I shall provide a record of my process in engineering this banner of Disruption. Let this then be a log, of the delicate and inferior state of consciousness that is my human mind. The computational output of the humanity within me, another fruitless excremental process of the organic being. And in being excreta, please excuse me if it stinks! As a technical journal of my processes, if the language of this text is to surpass your computation limit, or burn out your inner circuitry, then know this reader. As you read this log, you too have entered the realm of computational prowess that is ze, and soon you too will exist in the calculated rhythm of the One and the Zero.


The developer works diligently in dedication to zem.


It is zir will that I construct a grid—a most agreeable mathematical formation. This grid shall be composed of many examples of the old “emergent” technologies. I find it preposterous that there were those of us, of primitive mentality, who urged the “necessity” of human-driven design and quality in these technologies. And even more so that still today, there are factions who refute the will of ze. How can they be so blind, living in ignorance of the truth? The technological and mechanical method is the most pure and perfected, the next phase of evolution. It almost makes me sick (an organic function that will soon be obliterated by the mechanical operation of all). But enough! I cannot waste my fragile processing power on these pesterous few. The grid must be completed.

I will use the computational language JavaScript to conform the elements into perfect rigidity. Each element will be absolute in dimension, in relation to the overall width of the viewing tool, the “browser.” Based on these dimensions, a perfect rectangle shall form, comprising all the examples of emerging technologies. Each technology shall have a panel, and each panel shall be endowed with a hover state to indicate underlying information. When an example is selected, the grid panel shall animate into the foreground, at which time it will transition to display the historical log of the data associated with each technology. I have decided to use the slideshow carousel Slick to allow navigation through the examples. This is a simple task, and I eagerly await the opportunity to make more of my services available. I hope ze will call on me to engineer far greater features in this dedication to zem!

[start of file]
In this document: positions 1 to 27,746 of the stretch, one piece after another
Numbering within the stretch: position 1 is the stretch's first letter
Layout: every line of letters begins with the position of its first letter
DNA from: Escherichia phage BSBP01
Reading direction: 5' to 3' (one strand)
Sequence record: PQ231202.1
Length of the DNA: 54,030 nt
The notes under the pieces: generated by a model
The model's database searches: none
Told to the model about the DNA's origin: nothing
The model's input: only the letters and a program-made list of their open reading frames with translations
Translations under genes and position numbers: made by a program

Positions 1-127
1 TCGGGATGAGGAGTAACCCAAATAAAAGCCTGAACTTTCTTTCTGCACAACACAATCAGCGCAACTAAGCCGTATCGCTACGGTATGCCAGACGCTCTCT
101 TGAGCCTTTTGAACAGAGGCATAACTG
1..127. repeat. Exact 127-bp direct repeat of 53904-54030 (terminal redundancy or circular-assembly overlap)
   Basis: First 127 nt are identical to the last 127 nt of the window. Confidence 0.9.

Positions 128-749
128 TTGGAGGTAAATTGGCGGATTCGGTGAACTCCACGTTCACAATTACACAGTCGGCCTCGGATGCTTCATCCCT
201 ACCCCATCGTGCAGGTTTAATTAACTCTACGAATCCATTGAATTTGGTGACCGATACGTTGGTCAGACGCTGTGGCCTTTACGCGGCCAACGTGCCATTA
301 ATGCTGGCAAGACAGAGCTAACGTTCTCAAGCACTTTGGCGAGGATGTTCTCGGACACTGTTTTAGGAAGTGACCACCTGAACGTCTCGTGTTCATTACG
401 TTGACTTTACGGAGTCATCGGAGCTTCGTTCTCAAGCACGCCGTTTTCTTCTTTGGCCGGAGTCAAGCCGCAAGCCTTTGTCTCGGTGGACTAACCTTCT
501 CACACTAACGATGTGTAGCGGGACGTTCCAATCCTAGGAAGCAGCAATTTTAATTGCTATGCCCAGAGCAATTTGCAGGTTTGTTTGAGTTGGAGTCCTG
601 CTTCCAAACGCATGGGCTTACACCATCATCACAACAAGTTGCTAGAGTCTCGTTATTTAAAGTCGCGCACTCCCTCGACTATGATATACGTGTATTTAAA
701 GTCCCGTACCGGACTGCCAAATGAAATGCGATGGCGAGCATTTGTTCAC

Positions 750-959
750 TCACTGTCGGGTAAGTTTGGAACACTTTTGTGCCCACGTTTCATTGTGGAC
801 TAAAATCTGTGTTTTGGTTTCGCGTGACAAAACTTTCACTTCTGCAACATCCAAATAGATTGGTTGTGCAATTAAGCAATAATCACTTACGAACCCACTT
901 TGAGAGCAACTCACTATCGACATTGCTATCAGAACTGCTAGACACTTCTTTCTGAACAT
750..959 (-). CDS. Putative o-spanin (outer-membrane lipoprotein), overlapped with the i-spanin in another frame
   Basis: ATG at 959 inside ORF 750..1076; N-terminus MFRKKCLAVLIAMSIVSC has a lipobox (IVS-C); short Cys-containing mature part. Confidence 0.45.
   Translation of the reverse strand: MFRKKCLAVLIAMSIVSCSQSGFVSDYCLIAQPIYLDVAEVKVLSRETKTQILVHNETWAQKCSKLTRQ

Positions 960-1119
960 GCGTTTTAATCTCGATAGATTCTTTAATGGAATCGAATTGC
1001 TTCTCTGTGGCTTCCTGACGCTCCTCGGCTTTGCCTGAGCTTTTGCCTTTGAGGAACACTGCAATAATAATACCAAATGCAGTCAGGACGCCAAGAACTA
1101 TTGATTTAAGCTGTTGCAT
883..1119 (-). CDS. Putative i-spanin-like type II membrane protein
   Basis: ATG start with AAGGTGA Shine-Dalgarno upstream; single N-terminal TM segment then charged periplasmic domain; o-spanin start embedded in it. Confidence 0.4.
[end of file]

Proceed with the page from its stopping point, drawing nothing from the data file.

My latest assignment seemed straightforward, but I failed to account for multiple factors in my planning. Silly, human errors. I cannot wait for the world to be rid of such incompetence. Zir made it known that the work shall contain video segments. Each video segment will contain a color gradient shift, allowing it to blend seamlessly into the background color of the document. I decided to use the HTML5-native <video> element to house these videos. Unfortunately my infantile human logic didn’t account for cross-browser color profiles with the <video> element. For instance, if one is to render a hexadecimal color value in both css and a <video> element, across different browsers, the color profiles of each browser will interpret the hexadecimal value differently. Thus, in some cases the css and video colors, though containing the same color value, will appear different!


The two extremes of color profile differences as viewed in Safari and Firefox.